The wines, wine roads, wineries and vineyards of Molise
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Molise, which after Valle D'Aosta, is the second smallest region in Italy, only became a separate region in 1963. It is a hilly area, that sits on the Adriatic coast between Abruzzo (with which it was previously joined) on the north, and Puglia on the south. On the west it is bordered by Lazio Roma and Campania.

Not many English-speaking travelers make it to Molise, which is a pity. The modern day visitor to Molise, an easy journey from Rome or Naples, will find a verdant and well-forested territory in which numerous small, medieval hamlets, and numerous castles, many still in exceedingly good condition, are nestled. The few large towns and cities are as yet unspoiled by mass tourism; the people are open and friendly; the cuisine still strongly regional. There are no heavy industries to speak of, so Molise's economy is still principally agricultural in the hinterlands and fishing on the coast.

The Region was original settled by the very tough and redoubtable Samnites, one of the earliest italic tribes. Initial clashes between Samnium, as the area was called, and Latium under the Romans, resulted in a treaty (354 BC), which held the peace only until 322 BC, when war broke out again. The Samnite Wars, during which the Samnites triumphed over the Romans on several occasions, lasted until 290 BC, when the Romans finally routed the Samnites. The revenge of the Romans was ferocious; tens of thousands killed and whole villages and towns leveled, never to rise again.

As with the other areas of east cental Italy, the Goths and the Lombards asserted control over the area as the Roman Empire collapsed. They were displaced in the early 11th century by the Normans. In 1053 the Normans appointed Ugo di Mulhouse their governor, and it is from his name from which the name Molise is derived. The territory was incorporated into the Kingdom of Sicily, then in due course became part of the Kingdom of Naples, where it more or less remained, except for a short period under Napoleonic rule, until the area (as part of Abruzzo-Molise) was brought into the modern country of Italy in 1861.

During World War II, many Molisan communities suffered at the hands of both Axis and Allied forces. Canadian forces were stationed at a large camp, nicknamed Maple Leaf City, at Campobasso. Finally, after a prolonged period of peace, and with the building of new transportation and communication infrastructure, Molise is finding its place on the Italian map.

At other times during your journey you will want to take in the inland cities of Isernia, and Campobasso, both delightful in their own ways, and the sea coast city of Termoli, where most of Molise's industrial activity takes place.

Some of the must see sights include the two Roman theater, a Roman amphitheater and a Samnian meeting house near Venafro, snug in the folds of the Mainard and Matese mountain ranges (along the SS85). Above the town look for a Church in the Romanesque style, with Gothic renovations and 15th century frescoes. If you have time, walk to the adjacent 10th century castle, then through the woods to the Chiesa Santa Marie delle Grazie, inside a hillside grotto, or cave.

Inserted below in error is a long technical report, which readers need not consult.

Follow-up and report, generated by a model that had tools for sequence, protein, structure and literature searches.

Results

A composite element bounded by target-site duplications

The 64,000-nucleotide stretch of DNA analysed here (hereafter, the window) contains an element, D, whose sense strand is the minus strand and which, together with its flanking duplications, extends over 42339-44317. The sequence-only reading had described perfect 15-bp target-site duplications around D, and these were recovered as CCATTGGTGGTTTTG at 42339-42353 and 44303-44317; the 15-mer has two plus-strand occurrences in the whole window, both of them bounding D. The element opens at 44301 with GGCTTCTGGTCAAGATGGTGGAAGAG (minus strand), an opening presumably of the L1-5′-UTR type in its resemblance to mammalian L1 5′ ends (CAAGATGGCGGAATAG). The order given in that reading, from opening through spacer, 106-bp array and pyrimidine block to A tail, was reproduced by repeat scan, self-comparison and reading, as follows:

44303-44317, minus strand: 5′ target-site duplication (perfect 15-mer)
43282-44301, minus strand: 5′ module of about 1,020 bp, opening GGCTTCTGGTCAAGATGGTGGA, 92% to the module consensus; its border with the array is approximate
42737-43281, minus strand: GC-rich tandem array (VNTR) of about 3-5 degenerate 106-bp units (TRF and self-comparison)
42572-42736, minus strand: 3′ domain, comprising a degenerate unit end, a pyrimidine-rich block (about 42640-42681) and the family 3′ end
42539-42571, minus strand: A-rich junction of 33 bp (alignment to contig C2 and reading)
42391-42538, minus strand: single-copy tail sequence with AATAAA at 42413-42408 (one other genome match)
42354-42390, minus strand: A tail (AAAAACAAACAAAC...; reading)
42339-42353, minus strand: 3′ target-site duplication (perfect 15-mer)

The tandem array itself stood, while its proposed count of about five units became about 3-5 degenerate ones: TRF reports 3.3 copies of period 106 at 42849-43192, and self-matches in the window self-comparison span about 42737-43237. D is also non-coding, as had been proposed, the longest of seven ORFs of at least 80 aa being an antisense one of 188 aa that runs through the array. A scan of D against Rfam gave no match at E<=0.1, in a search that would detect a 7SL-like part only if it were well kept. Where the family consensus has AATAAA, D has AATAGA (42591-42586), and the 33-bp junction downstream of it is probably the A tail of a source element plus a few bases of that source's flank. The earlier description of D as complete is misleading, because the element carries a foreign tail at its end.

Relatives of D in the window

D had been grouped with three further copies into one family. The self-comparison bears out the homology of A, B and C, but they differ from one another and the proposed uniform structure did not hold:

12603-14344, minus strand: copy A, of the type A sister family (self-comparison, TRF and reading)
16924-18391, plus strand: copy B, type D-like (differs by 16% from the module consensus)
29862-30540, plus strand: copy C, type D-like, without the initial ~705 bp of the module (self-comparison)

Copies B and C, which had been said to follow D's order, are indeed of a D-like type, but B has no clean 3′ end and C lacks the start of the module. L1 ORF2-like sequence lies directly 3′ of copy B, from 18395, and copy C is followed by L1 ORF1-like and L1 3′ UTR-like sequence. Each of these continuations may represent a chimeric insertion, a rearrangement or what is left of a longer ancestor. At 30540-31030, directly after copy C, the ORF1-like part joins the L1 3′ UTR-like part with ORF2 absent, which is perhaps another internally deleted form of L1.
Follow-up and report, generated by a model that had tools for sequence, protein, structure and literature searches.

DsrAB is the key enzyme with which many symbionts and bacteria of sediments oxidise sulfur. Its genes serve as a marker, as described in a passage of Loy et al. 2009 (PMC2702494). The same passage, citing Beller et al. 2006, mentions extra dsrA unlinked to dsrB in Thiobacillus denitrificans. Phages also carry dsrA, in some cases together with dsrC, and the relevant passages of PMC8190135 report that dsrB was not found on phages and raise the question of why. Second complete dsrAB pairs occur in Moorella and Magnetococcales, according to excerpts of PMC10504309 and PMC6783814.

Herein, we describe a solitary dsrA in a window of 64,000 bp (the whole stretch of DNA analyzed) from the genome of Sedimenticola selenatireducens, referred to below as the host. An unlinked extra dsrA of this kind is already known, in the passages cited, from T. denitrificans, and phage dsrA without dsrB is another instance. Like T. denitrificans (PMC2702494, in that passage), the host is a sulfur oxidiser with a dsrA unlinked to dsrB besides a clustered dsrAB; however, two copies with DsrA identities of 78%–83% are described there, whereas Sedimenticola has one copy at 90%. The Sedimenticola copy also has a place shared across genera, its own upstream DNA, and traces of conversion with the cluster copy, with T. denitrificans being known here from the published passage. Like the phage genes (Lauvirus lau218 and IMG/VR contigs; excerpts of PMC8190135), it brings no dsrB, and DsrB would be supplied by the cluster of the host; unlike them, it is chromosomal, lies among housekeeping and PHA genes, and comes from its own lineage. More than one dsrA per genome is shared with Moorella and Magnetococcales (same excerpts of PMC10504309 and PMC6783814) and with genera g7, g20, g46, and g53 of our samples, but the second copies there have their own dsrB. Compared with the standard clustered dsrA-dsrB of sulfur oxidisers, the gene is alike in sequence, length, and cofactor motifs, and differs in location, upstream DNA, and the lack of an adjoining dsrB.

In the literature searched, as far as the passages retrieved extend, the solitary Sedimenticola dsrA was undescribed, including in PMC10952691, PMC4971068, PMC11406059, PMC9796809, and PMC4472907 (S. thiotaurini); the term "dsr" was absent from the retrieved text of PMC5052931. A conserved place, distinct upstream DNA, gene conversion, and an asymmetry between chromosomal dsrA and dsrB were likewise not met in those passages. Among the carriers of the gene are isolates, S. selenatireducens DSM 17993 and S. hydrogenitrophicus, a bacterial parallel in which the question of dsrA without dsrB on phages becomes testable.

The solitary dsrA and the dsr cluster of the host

The Pignatelli castle is located near the town of Monteroduni also on the SS85. Heading toward Isernia you will traverse the mountains on a combination of bridged highways and long tunnels. Before the turnoff for Isernia at Volturno your eyes will be rivetted by the breathtaking site of the Volturno valley. Before reaching Isernia, we recommend a side trip to the ancient Samnite town of Aquilonia, now gone. What remains is a staggeringly large, mortarless wall built of polygonal shaped blocks in the 4th century BC, some 15 m (10 feet) thick, 3.5 meters (12 feet) high and several kilometers long.

Those of you familiar with Umberto Eco's book (and a movie of the same name), The Name of the Rose, will want to travel to Castel San Vicenzo, sitting on a gorgeous high plain in the snow-capped mountains. This 9th century (and now restored) Benedictine Abbey and the town that grew up around it are not to be missed.

Outside the cities, other points of interest include the oldest paleolithic settlement ever found in Europe located near Vasto, which was only unearthed in 1978. Dating from between the 10th and 9th centuries BC, the settlement covers over 300,000 square feet, a large portion of which can be viewed from suspended sidewalks. Many artifacts remain on the site, but many have made their way to a special museum at the convent of Santa Maria Assunte.

The highest settlement of ancient Italy is Pietrabbondante. Unsullied in every way, the town and its surrounding area, with views of mountains and valleys, will take your breath away. A restored Roman theatre and other monuments and ruins are open to public access.

For travelers who are seeking an authentic Italian experience, the word is "Go" and go soon, while the region remains untrammeled by hordes of tourists, and you can claim bragging rights that belong to those who discover a fabulous place that hardly anyone knows the name of. Yet.